Mechanical–heat and heat–heat interaction studies. The effects of the electrical CS were compared with the effects of a mechanical CS and a heat CS. Mechanical stimuli were delivered with a hand-held von Frey probe. Stimuli were applied to one of the punctate areas of mechanical sensitivity within the heat-stimulated region, using the protocol illustrated in Figure 1 B. The number of action potentials evoked by the mechanical CS varied widely with each trial and could not be controlled precisely. A spectrum of evoked response was obtained, however, over multiple trials. The heat CS consisted of a 2 sec constant temperature suprathreshold stimulus (typically 47°C) applied with the laser thermal stimulator over the same area irradiated with test-heat stimuli. As with the electrical stimuli, the time from the end of the CS to the start of the test stimulus was always 5 sec.
Data analysis. Because the response to the test-heat stimulus varied from fiber to fiber, the response to the test-heat stimulus was normalized according to the following formula (see Fig. 1 for nomenclature): D/[(B + C)/2]. The effects of electrical stimulation were analyzed using a two-factor (frequency and number of electrical pulses) repeated measures ANOVA. Means ± SEM are given unless otherwise stated.
A total of 46 CMHs were recorded. The conduction velocities ranged from 0.43 to 1.4 m/sec, with a mean of 0.87 ± 0.03 m/sec. All receptive fields were on the hairy skin. The mechanical receptive field size ranged from 8 to 340 mm2, with an average of 43 ± 8 mm2. The mechanical thresholds measured with von Frey hairs ranged from 0.5 to 8.2 bar, with a mean of 2.5 ± 0.2 bar. The electrical stimulation threshold at the nerve trunk (0.1 msec duration stimulus) ranged from 9.4 to 65 V, with a mean of 36 ± 4 V (n = 17). The electrical stimulation threshold at the receptive field (1.0 msec duration stimulus) ranged from 2 to 114 V, with a mean of 29 ± 9 V (n = 14).
Initial fatigue to the repeated test-heat stimulus
As can be seen in Figure 2, responses during repetitive testing with the test-heat stimulus decreased for the first few trials. The mean response to trial 2 was 66 ± 3% of the response to trial 1 (p < 0.001; paired t test). Subsequently, a slight decline in response was evident over the next three trials. Because of this initial fatigue to repeated applications of the test-heat stimulus, the effects of a CS were always determined after at least five presentations of the test stimulus, at which point, responses to the test stimulus were relatively constant.
The amount of fatigue in the heat response was found to be dependent on the initial heat response of the fiber. The CMHs were separated into two groups on the basis of whether the response to the first heat stimulus (i.e., trial 1) was greater or less than the median response. The mean response of the high responders to the first heat stimulus (33.1 ± 6.5 action potentials) was thus greater than for the low responders (10.6 ± 0.6 action potentials). As shown in Figure 2, the response to the second heat stimulus was 58 ± 3% of the response to the first stimulus for the high responders and 74 ± 4% (p < 0.01) for the low responders. Thus, the high responders showed more fatigue than the low responders. This probably reflects the fact that the stimulus in trial 1 (which is the conditioning stimulus for trial 2) elicited more action potentials in the high responders than in the low responders.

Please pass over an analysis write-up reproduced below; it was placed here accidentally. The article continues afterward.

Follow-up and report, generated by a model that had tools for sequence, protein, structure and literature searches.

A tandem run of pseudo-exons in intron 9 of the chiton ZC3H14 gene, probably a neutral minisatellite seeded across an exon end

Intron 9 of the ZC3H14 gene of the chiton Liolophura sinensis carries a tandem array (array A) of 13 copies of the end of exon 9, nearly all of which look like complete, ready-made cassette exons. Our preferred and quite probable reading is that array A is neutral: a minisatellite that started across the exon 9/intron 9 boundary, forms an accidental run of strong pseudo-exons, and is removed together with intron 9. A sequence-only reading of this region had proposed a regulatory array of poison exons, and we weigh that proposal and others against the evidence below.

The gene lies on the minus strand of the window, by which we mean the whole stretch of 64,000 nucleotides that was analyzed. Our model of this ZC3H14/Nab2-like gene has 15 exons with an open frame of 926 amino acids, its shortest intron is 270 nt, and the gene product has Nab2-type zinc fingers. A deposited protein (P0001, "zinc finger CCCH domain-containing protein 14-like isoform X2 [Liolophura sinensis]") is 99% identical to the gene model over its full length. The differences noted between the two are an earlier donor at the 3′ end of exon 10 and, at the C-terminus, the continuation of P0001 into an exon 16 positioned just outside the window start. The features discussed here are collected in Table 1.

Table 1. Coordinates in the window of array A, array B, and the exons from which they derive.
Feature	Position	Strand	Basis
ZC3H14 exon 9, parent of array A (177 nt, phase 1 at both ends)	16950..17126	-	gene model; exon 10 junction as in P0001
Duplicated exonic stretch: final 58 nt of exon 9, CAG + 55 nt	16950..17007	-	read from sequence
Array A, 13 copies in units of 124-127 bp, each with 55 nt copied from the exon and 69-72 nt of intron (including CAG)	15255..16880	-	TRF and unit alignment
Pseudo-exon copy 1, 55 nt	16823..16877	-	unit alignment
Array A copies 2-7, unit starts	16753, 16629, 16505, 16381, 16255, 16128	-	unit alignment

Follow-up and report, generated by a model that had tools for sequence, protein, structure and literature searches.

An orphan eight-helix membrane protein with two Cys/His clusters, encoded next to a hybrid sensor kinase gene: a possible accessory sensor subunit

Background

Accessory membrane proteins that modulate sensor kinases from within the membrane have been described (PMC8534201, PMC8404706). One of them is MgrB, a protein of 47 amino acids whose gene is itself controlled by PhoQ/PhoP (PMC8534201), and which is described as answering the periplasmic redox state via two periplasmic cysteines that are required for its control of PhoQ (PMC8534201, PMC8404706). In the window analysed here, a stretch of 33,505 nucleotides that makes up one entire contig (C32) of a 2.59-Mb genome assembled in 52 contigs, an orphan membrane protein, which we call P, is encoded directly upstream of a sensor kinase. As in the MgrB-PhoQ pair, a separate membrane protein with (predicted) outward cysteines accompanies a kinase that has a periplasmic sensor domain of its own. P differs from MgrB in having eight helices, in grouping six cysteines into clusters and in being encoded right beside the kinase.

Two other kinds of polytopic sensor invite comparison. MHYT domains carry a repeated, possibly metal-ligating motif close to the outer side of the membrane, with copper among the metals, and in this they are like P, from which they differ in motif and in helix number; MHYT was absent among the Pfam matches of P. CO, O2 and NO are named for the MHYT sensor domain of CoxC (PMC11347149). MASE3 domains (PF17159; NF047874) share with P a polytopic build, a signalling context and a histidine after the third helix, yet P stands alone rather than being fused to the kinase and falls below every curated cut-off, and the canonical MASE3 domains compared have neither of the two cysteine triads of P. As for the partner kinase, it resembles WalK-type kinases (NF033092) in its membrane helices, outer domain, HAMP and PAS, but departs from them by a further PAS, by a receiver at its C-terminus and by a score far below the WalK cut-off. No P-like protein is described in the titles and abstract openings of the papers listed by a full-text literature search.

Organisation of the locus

Electrical–heat interaction studies
Figure 3A illustrates the effects of electrical stimulation with 5–40 pulses at 5 Hz on the heat response of a typical fiber. The response to the test stimulus immediately after the CS (Fig. 1B, stimulus D) decreased for all stimulus conditions. The degree of fatigue varied directly with the number of pulses delivered to the nerve trunk. The response returned to the baseline by trial E and remained at this level until delivery of the next CS.
In eight CMHs, we obtained a complete set of data at the four different pulse numbers (i.e., 5, 10, 20, and 40 pulses) and at the four different frequencies (i.e., 5, 10, 20, and 40 Hz). As shown in Figure 3B, the fatigue in trial D produced by the CS varied directly with the number of pulses (p < 0.001) but was independent of stimulus frequency (p > 0.4). The response to trial E was not significantly different from the response before the CS (p > 0.5). There was no correlation between conduction velocity and the degree of fatigue.
Effects of a mechanical conditioning stimulus
Having established that the number of pulses applied and not the frequency of electrical stimulation was the critical parameter of the CS, we then investigated the changes in heat response after mechanical stimuli applied within the heat-stimulated area of the receptive field. An example of one such study in one fiber is shown in Figure 4A. The magnitude of the response to the mechanical CS varied from 3 to 7 in this fiber (Fig. 4, triangles). The magnitude of fatigue increased with the magnitude of the response to the CS.